Samsung Gear 360 (2017) hands-on: Full 4K in 360-degrees

Samsung wasn't the first to the 360-degree camera market, but its original Gear 360 was one of the easiest to use. Now, there's a new version for 2017 and the Galaxy S8 and S8+, with true 4K capture and higher-resolution livestreaming. It's also come in for a redesign, with Samsung refining the original aesthetic to make it easier to carry and more flexible.

The original Gear 360 looked like a robot from Portal. The new Gear 360 looks more like a robot from Wall-E, suggesting that Samsung's industrial design team is at least working its way through all the games and movies they've been getting for the past few Christmases and Birthdays. The removable tripod base of the old 360-degree camera has been replaced with an integrated stand.

That's allowed the head of the camera to shrink down, since the battery can now occupy the lower part of the new Gear 360. At 100.6 x 46.3 x 45.1 mm and 130 grams, it's taller than the old model but slimmer overall. That should see it fit more readily into pockets and bags; you still get a tripod screw for using your own mount.

More importantly, quality is up. The old Gear 360 captured at 3840 x 1920 resolution, slightly short of true 4K. This new camera steps up to 4096 x 2048 at 24 fps, courtesy of its two 8.4-megapixel sensors. As well as H.265 MP4 video it'll snap 15-megapixel panoramic photos.

As before, videos and stills are stored on a microSD card, with up to 256GB cards supported. There's also WiFi a/b/g/n/ac (2.4/5GHz), WiFi Direct, and Bluetooth 4.1 for remotely controlling the new Gear 360, both from an Android device like the new Galaxy S8 and S8+, or from an iPhone. If you're an Android user you can live-stream at up to 2K resolution, too, via YouTube and other services; sadly iOS users miss out on that.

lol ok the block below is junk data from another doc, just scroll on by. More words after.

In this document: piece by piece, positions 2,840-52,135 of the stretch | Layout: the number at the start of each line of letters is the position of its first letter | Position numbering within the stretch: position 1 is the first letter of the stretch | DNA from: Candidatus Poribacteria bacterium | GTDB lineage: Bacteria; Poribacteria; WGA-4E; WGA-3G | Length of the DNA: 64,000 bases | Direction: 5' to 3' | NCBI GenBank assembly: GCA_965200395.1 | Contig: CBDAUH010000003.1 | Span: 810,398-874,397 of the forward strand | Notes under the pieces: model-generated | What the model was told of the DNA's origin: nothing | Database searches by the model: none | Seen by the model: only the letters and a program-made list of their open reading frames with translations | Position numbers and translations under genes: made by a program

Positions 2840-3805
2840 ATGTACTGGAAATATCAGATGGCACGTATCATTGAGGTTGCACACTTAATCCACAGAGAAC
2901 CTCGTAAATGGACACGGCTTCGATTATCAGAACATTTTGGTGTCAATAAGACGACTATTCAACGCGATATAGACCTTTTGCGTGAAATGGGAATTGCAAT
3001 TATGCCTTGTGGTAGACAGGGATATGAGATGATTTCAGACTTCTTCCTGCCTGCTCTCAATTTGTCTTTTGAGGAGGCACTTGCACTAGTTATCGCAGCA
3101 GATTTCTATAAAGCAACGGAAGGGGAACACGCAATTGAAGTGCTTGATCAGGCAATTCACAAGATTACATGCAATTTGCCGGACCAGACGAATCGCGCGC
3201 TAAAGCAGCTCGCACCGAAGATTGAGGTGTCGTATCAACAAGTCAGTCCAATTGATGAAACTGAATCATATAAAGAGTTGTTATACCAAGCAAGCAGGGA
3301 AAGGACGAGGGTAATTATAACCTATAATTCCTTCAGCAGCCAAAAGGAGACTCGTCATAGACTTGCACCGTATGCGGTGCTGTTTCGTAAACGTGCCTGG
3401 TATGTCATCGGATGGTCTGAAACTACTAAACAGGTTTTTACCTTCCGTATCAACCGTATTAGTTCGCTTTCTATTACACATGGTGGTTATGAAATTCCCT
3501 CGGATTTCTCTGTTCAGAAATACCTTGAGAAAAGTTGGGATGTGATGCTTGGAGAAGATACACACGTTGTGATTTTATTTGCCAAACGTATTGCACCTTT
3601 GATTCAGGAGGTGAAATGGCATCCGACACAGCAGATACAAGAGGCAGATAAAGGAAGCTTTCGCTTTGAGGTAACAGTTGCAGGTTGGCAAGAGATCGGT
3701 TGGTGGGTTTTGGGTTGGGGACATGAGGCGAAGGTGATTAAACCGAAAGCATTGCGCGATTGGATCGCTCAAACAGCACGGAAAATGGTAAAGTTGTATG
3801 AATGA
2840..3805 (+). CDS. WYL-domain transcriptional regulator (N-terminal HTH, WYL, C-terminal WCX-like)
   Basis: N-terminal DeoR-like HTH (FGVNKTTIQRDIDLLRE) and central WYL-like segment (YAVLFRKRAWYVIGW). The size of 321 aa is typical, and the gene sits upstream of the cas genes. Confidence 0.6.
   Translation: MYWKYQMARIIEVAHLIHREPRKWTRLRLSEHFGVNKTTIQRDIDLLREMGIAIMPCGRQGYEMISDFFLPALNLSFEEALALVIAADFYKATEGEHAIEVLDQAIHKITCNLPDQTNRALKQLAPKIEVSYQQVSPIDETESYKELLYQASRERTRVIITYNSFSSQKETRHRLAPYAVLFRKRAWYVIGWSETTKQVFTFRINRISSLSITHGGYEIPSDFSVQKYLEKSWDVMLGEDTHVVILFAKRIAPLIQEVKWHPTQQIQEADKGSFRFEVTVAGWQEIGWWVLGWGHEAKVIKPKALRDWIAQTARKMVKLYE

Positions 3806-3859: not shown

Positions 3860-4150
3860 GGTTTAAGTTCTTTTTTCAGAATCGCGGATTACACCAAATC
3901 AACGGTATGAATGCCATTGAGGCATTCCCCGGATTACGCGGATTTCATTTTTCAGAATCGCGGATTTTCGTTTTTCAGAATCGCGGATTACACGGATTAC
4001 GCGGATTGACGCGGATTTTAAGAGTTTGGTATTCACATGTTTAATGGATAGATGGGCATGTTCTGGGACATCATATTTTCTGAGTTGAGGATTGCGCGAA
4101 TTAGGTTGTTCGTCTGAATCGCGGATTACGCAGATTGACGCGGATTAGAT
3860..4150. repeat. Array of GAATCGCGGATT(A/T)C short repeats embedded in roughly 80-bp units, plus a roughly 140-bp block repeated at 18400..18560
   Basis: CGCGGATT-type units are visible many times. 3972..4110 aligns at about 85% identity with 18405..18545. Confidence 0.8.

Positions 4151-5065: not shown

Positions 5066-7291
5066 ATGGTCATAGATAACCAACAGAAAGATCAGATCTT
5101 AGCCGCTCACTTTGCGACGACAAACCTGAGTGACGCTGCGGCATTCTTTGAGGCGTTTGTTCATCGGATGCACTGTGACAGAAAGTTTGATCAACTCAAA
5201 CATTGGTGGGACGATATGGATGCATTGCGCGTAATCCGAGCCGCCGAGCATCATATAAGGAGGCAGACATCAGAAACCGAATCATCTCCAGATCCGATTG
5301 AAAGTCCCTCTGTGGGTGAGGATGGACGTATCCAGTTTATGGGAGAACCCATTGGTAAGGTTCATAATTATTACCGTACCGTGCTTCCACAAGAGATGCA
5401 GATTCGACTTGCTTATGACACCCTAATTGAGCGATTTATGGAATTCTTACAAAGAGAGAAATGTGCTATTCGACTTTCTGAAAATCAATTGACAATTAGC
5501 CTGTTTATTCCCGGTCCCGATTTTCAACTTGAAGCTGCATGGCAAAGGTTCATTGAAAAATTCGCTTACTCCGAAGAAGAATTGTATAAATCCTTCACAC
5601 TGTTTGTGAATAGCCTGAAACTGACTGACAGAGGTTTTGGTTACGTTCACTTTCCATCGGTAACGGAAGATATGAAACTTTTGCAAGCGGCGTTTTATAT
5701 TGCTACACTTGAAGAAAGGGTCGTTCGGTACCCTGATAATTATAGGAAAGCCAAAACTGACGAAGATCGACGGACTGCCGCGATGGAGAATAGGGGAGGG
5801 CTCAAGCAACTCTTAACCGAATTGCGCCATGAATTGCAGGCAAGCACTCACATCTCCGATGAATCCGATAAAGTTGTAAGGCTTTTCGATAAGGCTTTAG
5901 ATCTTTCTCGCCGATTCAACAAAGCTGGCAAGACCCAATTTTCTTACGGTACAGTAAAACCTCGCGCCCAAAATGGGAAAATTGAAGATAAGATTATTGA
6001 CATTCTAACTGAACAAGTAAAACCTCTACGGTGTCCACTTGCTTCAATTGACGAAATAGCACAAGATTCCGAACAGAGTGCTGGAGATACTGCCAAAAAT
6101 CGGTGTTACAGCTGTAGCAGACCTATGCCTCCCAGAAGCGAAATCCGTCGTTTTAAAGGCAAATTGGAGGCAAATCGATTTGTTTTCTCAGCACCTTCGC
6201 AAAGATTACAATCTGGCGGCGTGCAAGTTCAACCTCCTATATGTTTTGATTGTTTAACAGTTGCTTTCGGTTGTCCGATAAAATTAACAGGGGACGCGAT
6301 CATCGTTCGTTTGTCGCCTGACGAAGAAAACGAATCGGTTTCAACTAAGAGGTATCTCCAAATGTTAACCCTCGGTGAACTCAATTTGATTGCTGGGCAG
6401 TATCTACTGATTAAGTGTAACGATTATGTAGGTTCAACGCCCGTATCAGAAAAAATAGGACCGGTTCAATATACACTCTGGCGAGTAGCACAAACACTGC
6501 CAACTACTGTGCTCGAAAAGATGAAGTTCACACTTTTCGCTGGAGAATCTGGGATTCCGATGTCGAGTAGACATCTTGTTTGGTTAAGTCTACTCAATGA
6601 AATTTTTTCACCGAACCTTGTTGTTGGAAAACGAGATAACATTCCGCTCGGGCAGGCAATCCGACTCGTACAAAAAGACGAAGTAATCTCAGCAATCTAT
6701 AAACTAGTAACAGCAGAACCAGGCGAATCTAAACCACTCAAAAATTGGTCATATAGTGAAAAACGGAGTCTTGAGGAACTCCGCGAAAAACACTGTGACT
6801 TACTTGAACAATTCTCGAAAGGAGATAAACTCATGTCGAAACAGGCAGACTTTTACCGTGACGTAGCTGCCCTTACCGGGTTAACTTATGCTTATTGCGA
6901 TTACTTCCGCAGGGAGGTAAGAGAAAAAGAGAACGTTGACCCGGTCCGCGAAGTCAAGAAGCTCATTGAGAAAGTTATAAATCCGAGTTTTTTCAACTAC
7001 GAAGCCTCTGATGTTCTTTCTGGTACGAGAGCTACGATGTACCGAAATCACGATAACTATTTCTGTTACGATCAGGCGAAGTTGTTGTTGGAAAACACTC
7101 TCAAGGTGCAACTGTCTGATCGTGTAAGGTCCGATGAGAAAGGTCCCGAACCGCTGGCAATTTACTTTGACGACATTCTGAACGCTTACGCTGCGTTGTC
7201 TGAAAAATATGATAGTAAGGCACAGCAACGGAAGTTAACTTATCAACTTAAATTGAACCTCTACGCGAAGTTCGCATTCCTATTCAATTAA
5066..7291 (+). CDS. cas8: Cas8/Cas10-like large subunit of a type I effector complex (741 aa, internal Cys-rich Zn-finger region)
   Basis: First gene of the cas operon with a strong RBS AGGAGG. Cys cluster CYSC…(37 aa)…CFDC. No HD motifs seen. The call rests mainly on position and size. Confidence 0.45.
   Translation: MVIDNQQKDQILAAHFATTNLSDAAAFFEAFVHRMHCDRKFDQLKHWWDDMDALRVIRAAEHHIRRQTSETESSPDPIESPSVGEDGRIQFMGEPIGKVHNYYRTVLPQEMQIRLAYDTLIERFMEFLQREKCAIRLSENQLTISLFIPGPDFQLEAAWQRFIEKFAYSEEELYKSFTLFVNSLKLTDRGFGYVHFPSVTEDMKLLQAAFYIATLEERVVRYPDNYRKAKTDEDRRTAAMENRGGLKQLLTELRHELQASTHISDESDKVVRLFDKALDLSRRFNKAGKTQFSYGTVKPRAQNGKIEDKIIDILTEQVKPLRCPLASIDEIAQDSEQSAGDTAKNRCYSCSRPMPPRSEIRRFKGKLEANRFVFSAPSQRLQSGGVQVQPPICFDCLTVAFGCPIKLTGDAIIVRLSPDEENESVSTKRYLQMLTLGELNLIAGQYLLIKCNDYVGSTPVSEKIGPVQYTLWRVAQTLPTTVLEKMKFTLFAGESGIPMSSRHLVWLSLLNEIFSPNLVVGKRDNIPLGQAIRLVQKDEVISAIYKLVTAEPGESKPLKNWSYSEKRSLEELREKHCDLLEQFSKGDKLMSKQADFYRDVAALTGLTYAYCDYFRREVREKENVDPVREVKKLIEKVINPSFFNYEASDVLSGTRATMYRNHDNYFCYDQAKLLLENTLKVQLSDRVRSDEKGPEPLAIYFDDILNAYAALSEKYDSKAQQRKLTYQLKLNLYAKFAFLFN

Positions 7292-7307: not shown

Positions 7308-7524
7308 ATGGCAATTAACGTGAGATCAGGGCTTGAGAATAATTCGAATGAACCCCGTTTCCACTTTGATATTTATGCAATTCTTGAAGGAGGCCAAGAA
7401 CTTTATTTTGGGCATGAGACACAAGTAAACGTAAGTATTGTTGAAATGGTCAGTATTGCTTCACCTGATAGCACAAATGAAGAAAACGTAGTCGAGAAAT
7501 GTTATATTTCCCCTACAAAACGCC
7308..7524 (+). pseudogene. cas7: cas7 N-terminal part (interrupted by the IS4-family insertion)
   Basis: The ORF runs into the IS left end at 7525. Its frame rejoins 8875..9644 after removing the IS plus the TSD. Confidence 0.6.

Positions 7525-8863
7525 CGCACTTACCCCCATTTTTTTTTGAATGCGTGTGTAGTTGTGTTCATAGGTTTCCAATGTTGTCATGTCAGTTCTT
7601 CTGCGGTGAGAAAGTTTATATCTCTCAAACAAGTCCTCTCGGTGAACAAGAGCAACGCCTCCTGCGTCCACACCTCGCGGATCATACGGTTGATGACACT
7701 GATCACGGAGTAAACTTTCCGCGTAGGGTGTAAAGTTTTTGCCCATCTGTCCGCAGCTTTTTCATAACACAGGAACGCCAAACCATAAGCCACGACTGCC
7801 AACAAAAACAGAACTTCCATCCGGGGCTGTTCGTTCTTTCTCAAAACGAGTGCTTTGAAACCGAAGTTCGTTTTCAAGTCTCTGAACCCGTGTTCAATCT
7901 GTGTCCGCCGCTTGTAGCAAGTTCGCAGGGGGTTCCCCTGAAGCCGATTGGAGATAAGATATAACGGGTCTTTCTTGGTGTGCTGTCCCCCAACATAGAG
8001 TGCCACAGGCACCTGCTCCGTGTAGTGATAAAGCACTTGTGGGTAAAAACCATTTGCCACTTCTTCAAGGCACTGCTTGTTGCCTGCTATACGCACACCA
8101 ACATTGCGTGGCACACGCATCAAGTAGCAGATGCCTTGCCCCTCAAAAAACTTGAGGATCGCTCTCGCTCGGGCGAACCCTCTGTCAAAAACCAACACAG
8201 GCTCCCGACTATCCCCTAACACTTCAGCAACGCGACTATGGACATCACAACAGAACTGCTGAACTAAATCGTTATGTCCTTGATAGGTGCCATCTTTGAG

Five different shooting modes are supported. In addition to the basics – video and photo – there's time-lapse video and looping video. Samsung has also added landscape HDR, which should be useful since one of the challenges in capturing outdoor panoramas with the original Gear 360 was trying to avoid the sun inevitably over-exposing at least one section of the frame.

The body is IP53 certified for resistance to water and dust, and there's a USB Type-C port on the bottom for charging as well as synchronizing. Samsung isn't saying how long the 1,160 mAh Li-Ion battery will last at this stage, nor how much it will cost.

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In addition to the Galaxy S8 and S8+, you'll be able to use the Galaxy S7, Galaxy S7 edge, Note 5, Galaxy 6 edge+, Galaxy 6, and Galaxy 6 edge, plus the A5 (2017) and A7 (2017) with the new Gear 360. On the iOS side, the iPhone 7 and 7 Plus, and the iPhone 6s and 6S Plus, are compatible with the camera. Samsung also has software for Windows and macOS.